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Gas cookers as toxic as ‘second hand smoke’, study reveals

By Joshua Askew
A gas ring is lit on a cooker in this photo illustration in London, Thursday, Feb. 21, 2008.   -   Copyright  Kirsty Wigglesworth/AP

Gas cookers are breaching air pollution limits in homes and increasing the risk of children developing health problems, according to a new study.

The report by energy efficiency NGO CLASP, the European Public Health Alliance (EPHA) and the Netherlands Organisation for Applied Scientific Research (TNO) suggests that cooking on gas without ventilation causes indoor nitrogen dioxide (NO2) levels to regularly exceed WHO air quality guidelines and EU pollution standards.

Gas ovens also produce carbon monoxide, ultrafine particles and other pollutants that can cause severe health effects in children, particularly lung conditions, TNO found.

More than 700,000 cases of child asthma in the European Union (EU) in the past year were linked to cooking on gas at home, says the report. This figure represents around 7 per cent of all asthma cases in children across the bloc.

Some 100 million people in the EU use gas cookers, including more than half of all homes in Italy, the Netherlands, Romania and Hungary.

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Health groups fear that Europe's energy crisis could make this situation worse, as people reduce ventilation to save heat and money.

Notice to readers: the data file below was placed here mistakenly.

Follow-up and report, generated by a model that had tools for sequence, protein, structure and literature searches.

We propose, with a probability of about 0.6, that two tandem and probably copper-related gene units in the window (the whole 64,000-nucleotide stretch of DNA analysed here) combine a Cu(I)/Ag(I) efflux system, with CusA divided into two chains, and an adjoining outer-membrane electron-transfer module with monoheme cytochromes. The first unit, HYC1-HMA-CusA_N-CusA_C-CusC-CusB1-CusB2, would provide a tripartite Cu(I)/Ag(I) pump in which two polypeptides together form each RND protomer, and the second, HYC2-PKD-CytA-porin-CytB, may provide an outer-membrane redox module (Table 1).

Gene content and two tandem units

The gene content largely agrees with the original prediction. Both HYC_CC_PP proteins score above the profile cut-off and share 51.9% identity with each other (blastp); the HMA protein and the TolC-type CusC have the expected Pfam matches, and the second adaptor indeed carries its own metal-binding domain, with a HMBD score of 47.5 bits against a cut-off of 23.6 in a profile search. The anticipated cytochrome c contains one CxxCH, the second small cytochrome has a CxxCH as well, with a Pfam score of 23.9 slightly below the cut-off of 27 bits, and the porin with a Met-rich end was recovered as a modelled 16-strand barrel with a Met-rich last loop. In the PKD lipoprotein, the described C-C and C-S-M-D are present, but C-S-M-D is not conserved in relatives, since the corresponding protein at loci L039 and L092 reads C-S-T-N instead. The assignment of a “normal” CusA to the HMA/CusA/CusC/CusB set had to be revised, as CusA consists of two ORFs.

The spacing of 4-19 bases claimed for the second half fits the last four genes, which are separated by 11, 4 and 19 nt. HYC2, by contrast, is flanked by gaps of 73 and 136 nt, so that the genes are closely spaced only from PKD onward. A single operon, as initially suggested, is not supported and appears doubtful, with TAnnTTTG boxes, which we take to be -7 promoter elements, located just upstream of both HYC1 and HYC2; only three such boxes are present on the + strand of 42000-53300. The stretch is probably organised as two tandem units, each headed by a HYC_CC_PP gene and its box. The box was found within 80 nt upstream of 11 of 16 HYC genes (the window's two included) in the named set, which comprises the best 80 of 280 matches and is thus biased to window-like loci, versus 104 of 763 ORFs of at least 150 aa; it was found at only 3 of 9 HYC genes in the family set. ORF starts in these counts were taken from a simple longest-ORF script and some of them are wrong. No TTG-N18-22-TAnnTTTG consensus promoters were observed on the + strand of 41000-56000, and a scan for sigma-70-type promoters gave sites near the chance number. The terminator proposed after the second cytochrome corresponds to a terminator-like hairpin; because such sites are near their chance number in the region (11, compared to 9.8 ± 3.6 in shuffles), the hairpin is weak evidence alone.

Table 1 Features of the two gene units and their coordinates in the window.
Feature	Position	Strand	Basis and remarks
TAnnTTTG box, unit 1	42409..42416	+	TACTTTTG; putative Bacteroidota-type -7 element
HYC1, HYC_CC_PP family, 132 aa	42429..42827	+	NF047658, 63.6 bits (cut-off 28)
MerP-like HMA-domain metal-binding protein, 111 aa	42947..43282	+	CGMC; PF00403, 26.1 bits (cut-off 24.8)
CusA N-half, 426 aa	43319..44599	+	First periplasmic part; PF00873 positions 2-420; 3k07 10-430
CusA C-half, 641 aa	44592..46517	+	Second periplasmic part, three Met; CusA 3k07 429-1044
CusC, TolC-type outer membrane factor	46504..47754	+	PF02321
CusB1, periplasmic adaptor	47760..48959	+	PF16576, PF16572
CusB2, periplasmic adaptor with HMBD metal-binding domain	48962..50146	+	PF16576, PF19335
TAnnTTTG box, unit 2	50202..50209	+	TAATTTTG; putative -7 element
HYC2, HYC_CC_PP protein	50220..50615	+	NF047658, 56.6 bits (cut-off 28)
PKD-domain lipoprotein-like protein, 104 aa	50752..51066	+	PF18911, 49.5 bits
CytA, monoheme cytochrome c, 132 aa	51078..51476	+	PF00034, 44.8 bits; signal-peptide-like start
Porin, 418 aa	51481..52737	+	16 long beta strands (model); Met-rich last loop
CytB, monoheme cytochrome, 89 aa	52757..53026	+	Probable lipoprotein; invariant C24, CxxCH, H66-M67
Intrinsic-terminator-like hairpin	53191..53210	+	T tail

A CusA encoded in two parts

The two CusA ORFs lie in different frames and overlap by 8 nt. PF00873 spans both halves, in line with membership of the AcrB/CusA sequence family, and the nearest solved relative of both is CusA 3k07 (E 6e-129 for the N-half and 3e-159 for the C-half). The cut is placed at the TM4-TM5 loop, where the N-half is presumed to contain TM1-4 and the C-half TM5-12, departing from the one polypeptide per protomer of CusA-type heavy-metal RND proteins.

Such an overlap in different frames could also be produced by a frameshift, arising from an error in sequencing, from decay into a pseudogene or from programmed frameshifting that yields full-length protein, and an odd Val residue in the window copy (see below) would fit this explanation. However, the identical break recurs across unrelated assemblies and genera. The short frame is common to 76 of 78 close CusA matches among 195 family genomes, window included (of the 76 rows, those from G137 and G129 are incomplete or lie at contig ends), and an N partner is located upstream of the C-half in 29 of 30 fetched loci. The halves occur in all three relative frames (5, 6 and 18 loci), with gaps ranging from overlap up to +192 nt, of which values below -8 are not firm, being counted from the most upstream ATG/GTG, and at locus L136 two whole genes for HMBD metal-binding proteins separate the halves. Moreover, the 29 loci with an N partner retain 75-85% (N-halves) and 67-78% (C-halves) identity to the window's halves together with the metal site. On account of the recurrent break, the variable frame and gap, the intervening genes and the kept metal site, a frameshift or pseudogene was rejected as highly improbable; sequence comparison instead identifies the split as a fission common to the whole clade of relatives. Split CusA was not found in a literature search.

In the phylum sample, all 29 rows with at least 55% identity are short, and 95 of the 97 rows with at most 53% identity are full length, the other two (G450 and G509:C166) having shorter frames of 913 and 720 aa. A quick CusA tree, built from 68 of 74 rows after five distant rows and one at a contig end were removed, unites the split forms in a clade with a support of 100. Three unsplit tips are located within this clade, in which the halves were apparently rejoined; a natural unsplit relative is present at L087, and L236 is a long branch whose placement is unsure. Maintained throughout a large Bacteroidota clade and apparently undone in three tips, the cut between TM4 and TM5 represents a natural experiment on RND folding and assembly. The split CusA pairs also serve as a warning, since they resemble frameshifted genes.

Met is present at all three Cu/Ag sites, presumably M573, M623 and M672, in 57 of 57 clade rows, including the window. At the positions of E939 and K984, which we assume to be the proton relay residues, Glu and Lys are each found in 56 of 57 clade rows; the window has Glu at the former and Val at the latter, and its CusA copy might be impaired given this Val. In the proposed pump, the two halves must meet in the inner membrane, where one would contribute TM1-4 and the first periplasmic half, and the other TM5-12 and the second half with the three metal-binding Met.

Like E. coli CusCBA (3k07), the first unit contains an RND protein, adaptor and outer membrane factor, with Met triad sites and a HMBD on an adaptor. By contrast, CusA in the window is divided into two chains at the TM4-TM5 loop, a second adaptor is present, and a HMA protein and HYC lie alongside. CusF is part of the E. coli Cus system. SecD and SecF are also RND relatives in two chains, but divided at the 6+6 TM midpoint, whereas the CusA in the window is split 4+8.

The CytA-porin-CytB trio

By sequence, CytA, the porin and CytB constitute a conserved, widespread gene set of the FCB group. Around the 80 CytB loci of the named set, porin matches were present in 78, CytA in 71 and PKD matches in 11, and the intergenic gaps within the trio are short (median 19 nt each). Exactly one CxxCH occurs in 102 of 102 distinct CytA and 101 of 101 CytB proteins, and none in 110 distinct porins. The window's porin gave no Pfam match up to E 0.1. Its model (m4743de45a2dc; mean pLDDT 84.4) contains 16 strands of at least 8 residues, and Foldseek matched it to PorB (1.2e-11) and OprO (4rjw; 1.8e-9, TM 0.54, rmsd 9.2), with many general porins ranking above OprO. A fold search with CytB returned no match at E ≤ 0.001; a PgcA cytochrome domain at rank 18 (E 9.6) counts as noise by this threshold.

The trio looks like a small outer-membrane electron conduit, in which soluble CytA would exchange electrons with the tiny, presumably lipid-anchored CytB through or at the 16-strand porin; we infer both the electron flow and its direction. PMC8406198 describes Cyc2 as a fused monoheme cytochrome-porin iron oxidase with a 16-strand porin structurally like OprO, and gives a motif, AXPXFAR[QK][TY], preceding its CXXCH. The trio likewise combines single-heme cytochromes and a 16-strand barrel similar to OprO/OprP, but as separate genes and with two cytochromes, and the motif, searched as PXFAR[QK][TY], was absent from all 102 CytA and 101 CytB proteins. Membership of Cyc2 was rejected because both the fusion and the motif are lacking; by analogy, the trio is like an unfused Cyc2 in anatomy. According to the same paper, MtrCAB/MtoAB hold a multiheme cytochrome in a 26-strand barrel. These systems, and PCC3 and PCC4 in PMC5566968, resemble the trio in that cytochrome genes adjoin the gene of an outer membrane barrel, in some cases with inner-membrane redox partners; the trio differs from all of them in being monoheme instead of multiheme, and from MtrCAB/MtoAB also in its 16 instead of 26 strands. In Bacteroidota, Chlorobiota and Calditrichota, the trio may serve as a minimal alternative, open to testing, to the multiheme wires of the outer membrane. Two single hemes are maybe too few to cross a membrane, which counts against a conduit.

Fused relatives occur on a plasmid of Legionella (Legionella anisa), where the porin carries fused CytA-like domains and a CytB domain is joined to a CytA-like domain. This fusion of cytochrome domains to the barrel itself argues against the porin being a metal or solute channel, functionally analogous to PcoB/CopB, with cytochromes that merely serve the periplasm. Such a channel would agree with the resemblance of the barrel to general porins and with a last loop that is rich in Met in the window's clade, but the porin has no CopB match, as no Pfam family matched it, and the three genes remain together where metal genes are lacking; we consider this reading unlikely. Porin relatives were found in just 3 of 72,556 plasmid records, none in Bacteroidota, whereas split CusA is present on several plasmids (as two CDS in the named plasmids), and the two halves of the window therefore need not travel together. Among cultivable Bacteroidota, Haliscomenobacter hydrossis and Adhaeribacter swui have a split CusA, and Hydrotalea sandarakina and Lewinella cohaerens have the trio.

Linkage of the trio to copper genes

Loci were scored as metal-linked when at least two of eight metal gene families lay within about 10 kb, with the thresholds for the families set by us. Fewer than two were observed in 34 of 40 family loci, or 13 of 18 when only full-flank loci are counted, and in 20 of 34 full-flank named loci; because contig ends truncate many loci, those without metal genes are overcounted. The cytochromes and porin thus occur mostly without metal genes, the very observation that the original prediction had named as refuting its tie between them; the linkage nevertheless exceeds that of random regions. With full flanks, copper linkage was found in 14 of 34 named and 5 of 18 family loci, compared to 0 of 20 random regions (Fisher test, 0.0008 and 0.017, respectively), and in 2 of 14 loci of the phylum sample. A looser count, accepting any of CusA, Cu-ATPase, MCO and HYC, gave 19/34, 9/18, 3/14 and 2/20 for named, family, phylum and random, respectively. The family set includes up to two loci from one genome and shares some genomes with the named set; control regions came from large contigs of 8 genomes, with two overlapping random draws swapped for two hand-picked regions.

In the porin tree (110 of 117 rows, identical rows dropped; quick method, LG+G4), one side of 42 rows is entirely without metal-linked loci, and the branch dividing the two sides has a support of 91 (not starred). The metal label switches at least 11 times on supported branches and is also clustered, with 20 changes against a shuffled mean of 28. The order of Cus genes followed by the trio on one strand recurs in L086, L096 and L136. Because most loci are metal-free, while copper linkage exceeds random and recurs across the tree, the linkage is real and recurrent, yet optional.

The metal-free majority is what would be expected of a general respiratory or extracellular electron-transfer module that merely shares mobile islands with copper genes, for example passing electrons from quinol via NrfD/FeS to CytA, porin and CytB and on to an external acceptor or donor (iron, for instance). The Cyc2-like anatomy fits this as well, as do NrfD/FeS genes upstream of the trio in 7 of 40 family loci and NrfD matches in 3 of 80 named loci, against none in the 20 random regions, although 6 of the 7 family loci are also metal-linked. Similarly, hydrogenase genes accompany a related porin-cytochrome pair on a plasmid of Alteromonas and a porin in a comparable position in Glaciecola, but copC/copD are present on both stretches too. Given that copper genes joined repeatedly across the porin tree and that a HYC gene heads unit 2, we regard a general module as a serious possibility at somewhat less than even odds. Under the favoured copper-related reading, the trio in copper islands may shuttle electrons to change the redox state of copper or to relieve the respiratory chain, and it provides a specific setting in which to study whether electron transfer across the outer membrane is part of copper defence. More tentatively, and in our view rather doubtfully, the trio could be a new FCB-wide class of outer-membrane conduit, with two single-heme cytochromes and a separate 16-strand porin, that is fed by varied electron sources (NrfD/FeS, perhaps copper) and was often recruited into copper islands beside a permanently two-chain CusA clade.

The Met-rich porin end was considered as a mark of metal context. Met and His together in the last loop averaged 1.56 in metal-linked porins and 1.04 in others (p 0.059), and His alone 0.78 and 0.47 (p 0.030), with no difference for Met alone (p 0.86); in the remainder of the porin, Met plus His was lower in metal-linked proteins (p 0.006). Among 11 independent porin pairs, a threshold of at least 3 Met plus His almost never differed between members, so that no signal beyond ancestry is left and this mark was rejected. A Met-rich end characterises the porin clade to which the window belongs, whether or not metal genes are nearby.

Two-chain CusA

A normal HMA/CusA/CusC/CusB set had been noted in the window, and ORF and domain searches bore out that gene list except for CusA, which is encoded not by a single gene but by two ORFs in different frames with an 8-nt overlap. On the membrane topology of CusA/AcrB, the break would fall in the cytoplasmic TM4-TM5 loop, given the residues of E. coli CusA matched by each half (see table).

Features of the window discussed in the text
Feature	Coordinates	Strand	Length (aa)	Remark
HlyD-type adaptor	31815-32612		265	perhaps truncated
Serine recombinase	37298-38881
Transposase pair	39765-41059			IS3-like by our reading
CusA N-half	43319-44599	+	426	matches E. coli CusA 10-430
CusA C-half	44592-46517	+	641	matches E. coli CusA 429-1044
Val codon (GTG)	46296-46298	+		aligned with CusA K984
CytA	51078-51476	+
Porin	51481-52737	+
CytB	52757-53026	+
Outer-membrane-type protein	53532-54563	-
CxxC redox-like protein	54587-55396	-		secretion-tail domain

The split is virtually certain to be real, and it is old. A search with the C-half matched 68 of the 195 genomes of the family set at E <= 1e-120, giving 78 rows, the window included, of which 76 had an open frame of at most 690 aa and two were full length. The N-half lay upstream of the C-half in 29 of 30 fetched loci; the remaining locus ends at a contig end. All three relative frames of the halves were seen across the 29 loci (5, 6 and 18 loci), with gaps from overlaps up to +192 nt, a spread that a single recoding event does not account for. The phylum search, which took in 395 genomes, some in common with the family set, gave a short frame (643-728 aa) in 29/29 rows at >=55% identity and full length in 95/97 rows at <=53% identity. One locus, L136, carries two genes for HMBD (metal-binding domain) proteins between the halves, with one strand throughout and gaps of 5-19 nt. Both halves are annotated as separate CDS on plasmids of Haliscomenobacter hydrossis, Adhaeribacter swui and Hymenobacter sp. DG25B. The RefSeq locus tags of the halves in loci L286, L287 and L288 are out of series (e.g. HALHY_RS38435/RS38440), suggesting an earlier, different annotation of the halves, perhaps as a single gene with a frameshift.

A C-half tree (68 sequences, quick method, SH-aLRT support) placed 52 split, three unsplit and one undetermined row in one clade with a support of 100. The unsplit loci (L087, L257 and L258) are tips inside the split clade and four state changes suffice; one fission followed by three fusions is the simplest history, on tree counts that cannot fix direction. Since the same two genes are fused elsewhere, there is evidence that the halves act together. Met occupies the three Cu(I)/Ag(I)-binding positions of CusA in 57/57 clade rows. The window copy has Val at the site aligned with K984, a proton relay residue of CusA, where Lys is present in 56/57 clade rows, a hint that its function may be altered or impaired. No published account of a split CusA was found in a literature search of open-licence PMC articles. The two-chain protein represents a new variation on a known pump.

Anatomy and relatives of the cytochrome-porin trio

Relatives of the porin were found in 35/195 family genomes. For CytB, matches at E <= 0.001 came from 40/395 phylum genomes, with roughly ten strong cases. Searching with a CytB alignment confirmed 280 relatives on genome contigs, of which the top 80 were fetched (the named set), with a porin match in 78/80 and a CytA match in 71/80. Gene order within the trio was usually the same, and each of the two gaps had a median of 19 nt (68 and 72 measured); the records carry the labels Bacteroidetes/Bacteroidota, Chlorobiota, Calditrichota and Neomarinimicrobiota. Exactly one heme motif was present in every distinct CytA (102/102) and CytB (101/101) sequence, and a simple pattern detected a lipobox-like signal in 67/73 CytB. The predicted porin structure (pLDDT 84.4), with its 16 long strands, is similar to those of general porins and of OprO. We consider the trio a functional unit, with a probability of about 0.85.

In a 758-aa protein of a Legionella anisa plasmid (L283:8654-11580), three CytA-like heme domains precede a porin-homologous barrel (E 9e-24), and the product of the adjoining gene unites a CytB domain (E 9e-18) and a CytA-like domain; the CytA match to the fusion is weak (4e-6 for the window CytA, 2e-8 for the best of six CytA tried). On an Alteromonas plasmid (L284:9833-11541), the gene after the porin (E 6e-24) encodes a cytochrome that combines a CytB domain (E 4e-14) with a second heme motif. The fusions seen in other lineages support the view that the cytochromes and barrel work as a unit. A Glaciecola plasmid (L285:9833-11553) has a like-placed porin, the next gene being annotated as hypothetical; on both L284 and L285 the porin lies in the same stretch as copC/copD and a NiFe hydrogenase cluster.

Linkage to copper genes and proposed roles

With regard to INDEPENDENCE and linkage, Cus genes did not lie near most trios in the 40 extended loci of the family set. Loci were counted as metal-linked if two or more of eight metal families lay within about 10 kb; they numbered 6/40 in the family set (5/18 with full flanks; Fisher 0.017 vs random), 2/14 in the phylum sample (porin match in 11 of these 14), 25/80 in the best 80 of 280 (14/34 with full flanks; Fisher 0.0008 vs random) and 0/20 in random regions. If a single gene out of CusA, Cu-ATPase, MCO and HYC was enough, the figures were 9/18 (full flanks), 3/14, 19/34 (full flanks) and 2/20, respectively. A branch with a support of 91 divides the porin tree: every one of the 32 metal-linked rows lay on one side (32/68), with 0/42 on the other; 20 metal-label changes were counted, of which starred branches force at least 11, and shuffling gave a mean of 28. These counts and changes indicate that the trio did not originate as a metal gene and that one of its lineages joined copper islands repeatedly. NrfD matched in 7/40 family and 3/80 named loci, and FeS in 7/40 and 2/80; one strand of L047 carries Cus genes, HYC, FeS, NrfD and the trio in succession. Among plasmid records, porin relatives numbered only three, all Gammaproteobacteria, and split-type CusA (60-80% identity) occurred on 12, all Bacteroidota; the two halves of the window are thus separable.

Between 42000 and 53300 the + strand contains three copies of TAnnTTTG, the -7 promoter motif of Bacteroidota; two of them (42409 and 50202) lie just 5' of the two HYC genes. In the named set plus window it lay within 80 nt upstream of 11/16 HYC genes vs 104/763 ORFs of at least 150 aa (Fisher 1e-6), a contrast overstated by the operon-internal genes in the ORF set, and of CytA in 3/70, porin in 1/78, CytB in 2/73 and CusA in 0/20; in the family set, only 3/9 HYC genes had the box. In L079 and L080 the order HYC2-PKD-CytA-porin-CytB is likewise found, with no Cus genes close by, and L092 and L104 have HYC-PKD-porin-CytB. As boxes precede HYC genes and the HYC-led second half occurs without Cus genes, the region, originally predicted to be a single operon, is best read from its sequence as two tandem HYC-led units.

Gas cookers release ‘as many pollutants as second-hand smoke’

“People spend the majority of their time indoors. Indoor air quality can have a major impact on our health and well-being,” says CLASP CEO, Christine Egan.

“Few people are aware of the harmful risks posed by gas cooking appliances - cooking your dinner could expose you to as many pollutants as second-hand smoke.”

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“Gas cooking appliances need health warning labels like cigarette packets,” she continues, adding that “EU officials have an obligation to consider these health risks”.

The American Medical Association recently noted that gas stoves increase household air pollution, plus the risk - and severity - of childhood asthma.

Past research has also linked home gas use to attention deficit hyperactivity disorder (ADHD) in young children and negative impacts on adults’ respiratory and nervous systems.

The authors of the report fear that skyrocketing oil and gas prices fuelled by the war in Ukraine could make the problem worse.

“We fear that indoor air quality could get especially bad this winter in homes using gas cookers, as people reduce ventilation and avoid opening windows to save heat and money during the energy crisis,” says EPHA director general, Dr Milka Sokolović.

“With fewer air exchanges with the outside, it is increasingly important to tackle indoor sources of air pollution, such as gas stoves.”

Should governments step in to warn about the dangers of gas ovens?

Facing the health and environmental damage caused by burning fossil fuels, Dr Sokolović says governments have a “responsibility” to put in place frameworks that could help households transition from gas towards “clean electric” cooking.

CLASP and the EPHA claim EU officials are “obligated” to factor in health when regulating, but that current domestic standards on gas cookers fail to do so.

Under an EU treaty, European lawmakers should aim to protect human health while making environmental policies.

New rules are expected next year.

Gas cookers should be phased out under new regulations, the two organisations urge.

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